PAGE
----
By Myrna Hewitt, Executive Vice-President, Marketing & Community, Affinity Credit Union

 

Many of us don’t spend a lot of time thinking about our language disappearing, especially if we speak English. But, it does happen.

One of the enduring effects of the residential school system in Canada is that it severed the language ties connecting First Nations peoples to their culture and history. The natural passage of language from generation to generation was interrupted by the residential school system, and as a result we’re left with an urgent need to protect and preserve First Nations languages all across the country, or we could lose them.

The Saskatchewan Indian Cultural Centre (SICC) works to fan the flame of First Nations languages in this province, preserving a fundamental part of the province’s history and culture.

We’re excited at Affinity Credit Union to provide funding to help the SICC continue on this important mission. They work with eight different languages spoken in the province: Plains Cree, Swampy Cree, Woodland Cree, Dene, Nahkawē, Dakota, Lakota and Nakota. For us, it’s an honour to embark on this partnership with the SICC, and a privilege to have a role to play in preserving these languages for future generations.

On March 21, 2016, we officially celebrated this partnership with a traditional sweat attended by Affinity executives and SICC representatives, followed by a pipe ceremony and a feast at Affinity’s Saskatoon head office.

One part of our agreement with the SICC involves translating the Affinity story and our co-operative values into First Nations languages, starting with Dakota and Plains Cree. By telling our story in First Nations languages, we want to show our support for the preservation of Indigenous languages and highlight the similarities between First Nations and co-operative values. This partnership with SICC is one way, that as an organization, we’re developing a better understanding of the history and culture of First Nations people in Saskatchewan.

The trick to protecting a language is having people learn it, speak it, read it and write it. The SICC does this every day, and through our funding partnership and the soon-to-be-translated Affinity story, we’re honoured to do our part to help in that effort!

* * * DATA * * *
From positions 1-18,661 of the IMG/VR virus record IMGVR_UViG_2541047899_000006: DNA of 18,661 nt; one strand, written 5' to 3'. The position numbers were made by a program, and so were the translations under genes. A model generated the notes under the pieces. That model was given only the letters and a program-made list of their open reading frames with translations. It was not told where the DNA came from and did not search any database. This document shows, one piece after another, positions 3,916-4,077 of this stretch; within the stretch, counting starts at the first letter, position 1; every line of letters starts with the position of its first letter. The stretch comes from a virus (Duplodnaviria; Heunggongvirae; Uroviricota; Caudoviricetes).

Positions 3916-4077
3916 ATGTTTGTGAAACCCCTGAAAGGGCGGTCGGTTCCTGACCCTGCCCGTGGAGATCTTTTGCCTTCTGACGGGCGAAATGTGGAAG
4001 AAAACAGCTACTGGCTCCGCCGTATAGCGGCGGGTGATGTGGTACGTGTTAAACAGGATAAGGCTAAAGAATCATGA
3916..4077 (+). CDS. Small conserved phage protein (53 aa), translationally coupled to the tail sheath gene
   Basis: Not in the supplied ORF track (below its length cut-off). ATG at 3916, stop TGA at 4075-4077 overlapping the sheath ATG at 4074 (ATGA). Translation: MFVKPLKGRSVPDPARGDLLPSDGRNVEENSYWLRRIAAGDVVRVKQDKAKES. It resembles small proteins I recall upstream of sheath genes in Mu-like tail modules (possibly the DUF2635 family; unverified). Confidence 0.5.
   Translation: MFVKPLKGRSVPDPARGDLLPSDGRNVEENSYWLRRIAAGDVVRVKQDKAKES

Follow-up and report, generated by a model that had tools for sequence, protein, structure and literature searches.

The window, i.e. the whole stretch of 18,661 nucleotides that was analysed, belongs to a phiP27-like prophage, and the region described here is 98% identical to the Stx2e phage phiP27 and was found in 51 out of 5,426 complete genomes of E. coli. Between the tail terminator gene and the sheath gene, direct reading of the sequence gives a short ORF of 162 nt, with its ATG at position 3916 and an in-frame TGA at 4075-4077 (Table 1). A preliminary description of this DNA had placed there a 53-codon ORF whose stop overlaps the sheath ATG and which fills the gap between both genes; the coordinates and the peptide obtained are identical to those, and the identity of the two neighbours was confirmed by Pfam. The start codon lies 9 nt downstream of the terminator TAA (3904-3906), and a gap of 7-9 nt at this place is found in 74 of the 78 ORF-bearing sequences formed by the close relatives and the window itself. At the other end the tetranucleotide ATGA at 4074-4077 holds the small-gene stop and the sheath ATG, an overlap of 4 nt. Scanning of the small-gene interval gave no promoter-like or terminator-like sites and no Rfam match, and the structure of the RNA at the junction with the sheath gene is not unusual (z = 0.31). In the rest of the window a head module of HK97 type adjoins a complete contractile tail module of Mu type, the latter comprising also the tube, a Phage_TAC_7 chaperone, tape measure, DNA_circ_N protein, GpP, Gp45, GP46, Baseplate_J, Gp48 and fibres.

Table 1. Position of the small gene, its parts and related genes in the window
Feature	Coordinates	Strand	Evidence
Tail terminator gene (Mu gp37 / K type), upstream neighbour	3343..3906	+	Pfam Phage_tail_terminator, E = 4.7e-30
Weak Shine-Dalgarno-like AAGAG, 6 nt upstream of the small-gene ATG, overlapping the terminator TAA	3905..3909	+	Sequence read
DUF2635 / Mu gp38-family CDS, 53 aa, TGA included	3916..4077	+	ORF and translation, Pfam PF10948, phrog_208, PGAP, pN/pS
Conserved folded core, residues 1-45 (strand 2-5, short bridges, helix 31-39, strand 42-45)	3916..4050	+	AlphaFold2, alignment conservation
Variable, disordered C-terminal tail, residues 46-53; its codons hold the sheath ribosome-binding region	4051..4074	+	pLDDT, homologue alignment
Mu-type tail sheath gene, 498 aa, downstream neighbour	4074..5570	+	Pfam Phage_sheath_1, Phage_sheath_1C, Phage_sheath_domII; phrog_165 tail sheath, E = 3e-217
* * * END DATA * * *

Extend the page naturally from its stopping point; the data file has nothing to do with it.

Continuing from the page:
At a National Reconciliation Gathering in Winnipeg on March 11, 2016, Affinity Credit Union made a commitment alongside Vancity Credit Union from BC and Assiniboine Credit Union from Manitoba to work toward meaningful reconciliation. This commitment grew out of a call from Canada’s Truth and Reconciliation Commission for the business community in this country to participate in the reconciliation process. We consider it an important responsibility to play our part in reconciliation.

Our partnership with the SICC is made with an eye toward advancing this cause, and we invite all individuals, credit unions and organizations to join in this journey of healing and reconciliation. Co-operatively, we can build a better Canada.


Myrna Hewitt

Myrna joined the Affinity Credit Union executive team in 2012. She has provided marketing communications, community relations and corporate responsibility leadership for numerous Canadian co-operatives, as well as Sasktel, Saskatchewan’s provincial telecommunications company. Myrna lives and breathes co-operative values. They guide her in her work with Affinity and serve as a foundation for the credit union’s commitment to reconciliation.

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The views and opinions expressed on this blog are those of the author and may not reflect the views and opinions of Reconciliation Canada.